I believe this is in part because of the world Graham has built for this book as it is very clear that he spent a lot of time and effort learning about different aspects of this world from a real world, especially when it comes to the forging of metal and these parts of the book were thoroughly enjoyable to read because of that. Without giving out spoilers there is one subject in this book that Graham covers that we have unfortunately had to deal with in the real world and I have a lot of respect for him for having the courage to cover that subject in Faithless.

There are many books where I have found it difficult to empathize with a character, I believe this is somewhat in part to more books being focused more on a story rather than its characters or simply because we can't relate with to a character. Graham's perspective and method by which he creates his characters makes you create a deep connection with each of them which in turn gives you empathy towards them and on certain occasions mimic how they are feeling. After reading Faithless for a short time the book did its first POV switch and as I progressed through the book I discovered that something big would eventually occur. When I eventually came to that point in the book I was absolutely blown away by it, I had gone through numerous scenarios in my head to try and determine what would happen and none of them prepared me for what I read.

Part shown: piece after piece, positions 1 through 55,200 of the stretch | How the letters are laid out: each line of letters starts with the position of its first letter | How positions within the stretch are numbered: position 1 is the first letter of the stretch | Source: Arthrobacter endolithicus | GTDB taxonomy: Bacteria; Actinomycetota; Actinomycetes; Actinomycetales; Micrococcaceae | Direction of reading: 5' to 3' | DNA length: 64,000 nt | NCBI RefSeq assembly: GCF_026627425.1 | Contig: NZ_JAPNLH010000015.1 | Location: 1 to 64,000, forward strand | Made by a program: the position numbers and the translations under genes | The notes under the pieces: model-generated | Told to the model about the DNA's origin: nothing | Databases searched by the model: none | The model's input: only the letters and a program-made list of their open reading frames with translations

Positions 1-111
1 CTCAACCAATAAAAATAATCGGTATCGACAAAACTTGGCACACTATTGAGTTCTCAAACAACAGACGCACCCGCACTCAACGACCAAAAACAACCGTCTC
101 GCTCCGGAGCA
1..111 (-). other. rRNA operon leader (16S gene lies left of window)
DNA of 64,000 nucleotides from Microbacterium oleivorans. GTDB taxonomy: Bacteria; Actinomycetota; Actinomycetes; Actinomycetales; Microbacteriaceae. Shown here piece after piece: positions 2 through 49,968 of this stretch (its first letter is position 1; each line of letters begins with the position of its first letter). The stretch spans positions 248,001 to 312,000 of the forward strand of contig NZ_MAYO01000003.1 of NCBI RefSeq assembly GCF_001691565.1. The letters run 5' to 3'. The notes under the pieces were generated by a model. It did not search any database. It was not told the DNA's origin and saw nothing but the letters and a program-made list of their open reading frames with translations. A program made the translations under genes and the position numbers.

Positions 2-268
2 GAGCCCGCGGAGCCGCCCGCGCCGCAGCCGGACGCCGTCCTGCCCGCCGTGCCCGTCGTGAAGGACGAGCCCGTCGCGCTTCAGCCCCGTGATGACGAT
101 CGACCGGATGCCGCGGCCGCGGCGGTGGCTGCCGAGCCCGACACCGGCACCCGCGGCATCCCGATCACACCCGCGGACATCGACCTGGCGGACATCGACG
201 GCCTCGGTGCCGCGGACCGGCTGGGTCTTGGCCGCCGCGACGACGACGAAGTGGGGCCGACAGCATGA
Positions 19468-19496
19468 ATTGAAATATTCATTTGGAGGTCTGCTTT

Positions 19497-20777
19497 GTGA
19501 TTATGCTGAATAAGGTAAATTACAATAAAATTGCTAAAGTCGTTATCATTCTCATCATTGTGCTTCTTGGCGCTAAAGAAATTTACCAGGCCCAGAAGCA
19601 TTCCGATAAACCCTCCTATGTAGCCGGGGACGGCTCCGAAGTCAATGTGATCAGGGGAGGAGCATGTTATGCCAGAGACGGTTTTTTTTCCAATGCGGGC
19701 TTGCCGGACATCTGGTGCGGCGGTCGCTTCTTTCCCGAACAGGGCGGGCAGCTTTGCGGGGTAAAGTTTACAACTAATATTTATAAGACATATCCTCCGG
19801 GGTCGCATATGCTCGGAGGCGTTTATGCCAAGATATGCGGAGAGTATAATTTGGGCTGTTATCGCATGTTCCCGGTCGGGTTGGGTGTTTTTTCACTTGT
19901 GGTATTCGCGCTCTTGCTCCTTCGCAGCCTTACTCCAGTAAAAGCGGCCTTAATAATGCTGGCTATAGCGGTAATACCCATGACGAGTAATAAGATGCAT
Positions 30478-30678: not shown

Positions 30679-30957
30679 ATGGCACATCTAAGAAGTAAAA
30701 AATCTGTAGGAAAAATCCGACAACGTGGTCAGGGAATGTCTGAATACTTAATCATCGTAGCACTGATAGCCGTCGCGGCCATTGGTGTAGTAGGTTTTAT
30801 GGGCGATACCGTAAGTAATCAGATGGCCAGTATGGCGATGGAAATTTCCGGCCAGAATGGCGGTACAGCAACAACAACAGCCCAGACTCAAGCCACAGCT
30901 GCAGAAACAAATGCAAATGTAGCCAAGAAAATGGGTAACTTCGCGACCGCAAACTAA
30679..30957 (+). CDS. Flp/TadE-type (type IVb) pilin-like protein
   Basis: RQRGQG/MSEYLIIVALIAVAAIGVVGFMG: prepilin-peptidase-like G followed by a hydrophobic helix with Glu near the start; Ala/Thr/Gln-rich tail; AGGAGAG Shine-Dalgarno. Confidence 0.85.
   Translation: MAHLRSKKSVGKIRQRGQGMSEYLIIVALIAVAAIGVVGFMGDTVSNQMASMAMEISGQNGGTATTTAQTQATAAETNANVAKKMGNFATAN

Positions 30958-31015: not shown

There is something truly astounding about Faithless and it is very hard to pin point what exactly that is, it could be the world, characters, suspense or all of the above but all I can is that it's incredible. I went from only reading a small portion of this to having it read within 5 days as every night upon returning home from work I found myself wanting to instantly pick it up as well as reading late into the night and for me that is very rare.

If you are fan of science fiction or fantasy then I would highly recommend this book, if not then I would still recommend you give it a try as I believe you will still really enjoy it. Over the last number of years I have read many science fiction and fantasy books, many of which have blown me away like this one. However Faithless is one of the most unique, intriguing and dark books I have ever read so I would highly recommend you pick this up.
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I've been seeing this book around on my Goodreads Feeds and Amazon Also-boughts recently and decided it was worth taking a chance on. I read so much fantasy that some of it seems very similar in plot and themes, but all done differently with different characters and a different author's voice. Faithless is one of the most unique and original fantasy books I have ever read.